• The President continues to represent the College on the Maternity Transformation Board, working collaboratively with the Royal College of Midwives to ensure the voice of the profession is heard. As the local maternity systems begin to implement the recommendations within the Maternity Transformation Programme, all members are encouraged to engage at a local level.


Women’s Voices

  • The RCOG has worked in conjunction with Group B Strep Support (GBSS) to develop co-badged patient information to accompany the new Green-top Guideline on early-onset group B streptococcus. This work has been led by Jane Plumb, CEO of GBSS and a member of the RCOG Women’s Network.
  • A number of service users contributed to a workshop to feed into the development of the new O&G curriculum. Attendees advised on issues that were important to them and in which they felt O&G consultants of the future should be trained. The findings from the workshop have been shared with a wider online group for further comment.
  • A new strategy has been developed to increase public and patient involvement in the work of the RCOG. This includes promoting the benefits of local engagement and supporting members to do this.
  • On 14th October there will be an event hosted at the RCOG celebrating women’s voices within O&G. RCOG members are encouraged to attend. More information is available on the RCOG website here.
  • Key issues raised by the Women’s Voices Involvement Panel include: lack of GP knowledge of the NICE guidelines on menopause; period poverty; and the fact that NICE guidelines on elective c-sections is not being followed, with women reporting barriers to care.


Academic O&G

  • The Advanced Professional Module in clinical research was launched in 2016 to support senior trainees and consultants to develop research skills. 12 trainees have registered to date, and the first study day for this module will be held on 1 November 2017.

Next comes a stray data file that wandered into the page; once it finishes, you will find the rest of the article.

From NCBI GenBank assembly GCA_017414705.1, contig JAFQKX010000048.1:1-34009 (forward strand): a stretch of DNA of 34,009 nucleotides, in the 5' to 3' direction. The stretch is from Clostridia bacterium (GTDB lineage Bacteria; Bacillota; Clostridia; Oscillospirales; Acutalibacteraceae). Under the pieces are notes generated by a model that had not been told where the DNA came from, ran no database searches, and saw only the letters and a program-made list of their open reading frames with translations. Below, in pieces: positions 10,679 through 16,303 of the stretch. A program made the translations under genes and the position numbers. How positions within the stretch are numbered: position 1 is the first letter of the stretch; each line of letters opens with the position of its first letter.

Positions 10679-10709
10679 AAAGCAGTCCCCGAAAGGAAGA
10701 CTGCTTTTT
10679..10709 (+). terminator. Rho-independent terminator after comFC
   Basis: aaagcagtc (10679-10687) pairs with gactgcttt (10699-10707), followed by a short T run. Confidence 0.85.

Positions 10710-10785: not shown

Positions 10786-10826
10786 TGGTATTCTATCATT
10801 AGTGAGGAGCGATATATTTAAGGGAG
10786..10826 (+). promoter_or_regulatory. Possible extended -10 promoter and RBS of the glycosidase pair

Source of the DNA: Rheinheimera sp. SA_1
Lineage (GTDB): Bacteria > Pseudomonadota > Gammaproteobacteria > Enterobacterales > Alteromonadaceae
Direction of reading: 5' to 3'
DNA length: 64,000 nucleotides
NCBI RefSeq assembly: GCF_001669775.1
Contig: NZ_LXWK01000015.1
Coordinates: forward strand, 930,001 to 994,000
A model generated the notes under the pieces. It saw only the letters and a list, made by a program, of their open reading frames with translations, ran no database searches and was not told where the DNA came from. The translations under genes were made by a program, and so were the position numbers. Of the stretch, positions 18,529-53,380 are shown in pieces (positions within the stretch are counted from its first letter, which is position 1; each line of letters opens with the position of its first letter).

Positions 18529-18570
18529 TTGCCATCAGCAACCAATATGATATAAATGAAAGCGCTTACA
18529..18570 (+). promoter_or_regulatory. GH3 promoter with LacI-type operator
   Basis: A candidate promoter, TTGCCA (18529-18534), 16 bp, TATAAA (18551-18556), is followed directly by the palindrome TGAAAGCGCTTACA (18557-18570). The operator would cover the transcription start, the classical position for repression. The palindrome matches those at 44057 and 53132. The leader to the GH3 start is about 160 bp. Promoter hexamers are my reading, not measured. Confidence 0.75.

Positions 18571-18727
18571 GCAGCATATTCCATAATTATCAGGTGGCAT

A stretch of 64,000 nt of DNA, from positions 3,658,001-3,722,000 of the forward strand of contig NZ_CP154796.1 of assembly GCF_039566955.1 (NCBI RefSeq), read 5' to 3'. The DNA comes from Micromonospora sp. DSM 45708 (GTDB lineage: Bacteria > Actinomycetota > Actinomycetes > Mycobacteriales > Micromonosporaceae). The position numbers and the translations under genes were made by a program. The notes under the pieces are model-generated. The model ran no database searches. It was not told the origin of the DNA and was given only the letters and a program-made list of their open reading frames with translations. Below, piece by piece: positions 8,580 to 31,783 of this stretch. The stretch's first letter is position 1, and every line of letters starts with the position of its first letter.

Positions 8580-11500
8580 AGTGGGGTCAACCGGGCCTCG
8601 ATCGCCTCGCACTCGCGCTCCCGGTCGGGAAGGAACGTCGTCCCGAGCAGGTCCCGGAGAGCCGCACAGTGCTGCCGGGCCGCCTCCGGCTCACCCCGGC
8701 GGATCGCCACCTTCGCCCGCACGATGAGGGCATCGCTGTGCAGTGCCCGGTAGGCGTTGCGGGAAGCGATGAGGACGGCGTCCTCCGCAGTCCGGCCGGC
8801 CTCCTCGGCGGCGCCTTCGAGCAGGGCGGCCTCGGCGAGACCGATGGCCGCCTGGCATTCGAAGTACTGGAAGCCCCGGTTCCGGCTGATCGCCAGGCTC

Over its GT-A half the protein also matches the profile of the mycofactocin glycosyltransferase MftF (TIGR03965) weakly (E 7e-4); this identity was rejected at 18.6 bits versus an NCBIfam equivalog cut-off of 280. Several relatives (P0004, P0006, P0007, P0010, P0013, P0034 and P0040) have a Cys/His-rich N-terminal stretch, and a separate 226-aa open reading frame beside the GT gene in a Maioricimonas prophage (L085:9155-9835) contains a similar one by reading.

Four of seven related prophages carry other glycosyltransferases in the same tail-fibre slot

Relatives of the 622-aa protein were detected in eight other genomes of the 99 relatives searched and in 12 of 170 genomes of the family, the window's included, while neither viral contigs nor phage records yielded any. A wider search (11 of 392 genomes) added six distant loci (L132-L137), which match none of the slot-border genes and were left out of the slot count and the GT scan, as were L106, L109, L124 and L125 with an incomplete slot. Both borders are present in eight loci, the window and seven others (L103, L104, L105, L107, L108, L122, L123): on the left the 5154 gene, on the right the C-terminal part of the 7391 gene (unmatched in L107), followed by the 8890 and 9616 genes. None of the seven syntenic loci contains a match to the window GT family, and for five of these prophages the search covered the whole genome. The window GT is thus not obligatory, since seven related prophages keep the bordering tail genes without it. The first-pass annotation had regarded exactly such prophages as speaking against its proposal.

• The next Annual Academic Meeting will take place on 8-9 February 2018.
  • The Academic Board is working on a proposal for a one-day workshop to explore how the RCOG can better support academic O&G and engage its members in this work.
  • A new Chair of the Research Committee, and new Chairs for 7 of the 12 Clinical Research Groups, have been appointed.



  • The FSRH are implementing a number of governance changes, including introducing a Board of Trustees in addition to their Council.
  • The FSRH are reviewing their Diploma qualification to ensure it is fir for purpose for modern healthcare and in line with other similar conversations. A particular concern is the fact that far fewer RCOG trainees are taking the qualification than in the past, which may indicate a gap in knowledge of sexual and reproductive health.
  • The FSRH are consulting with their members on a position statement on decriminalisation of abortion, which is largely in line with the statement approved by RCOG Council.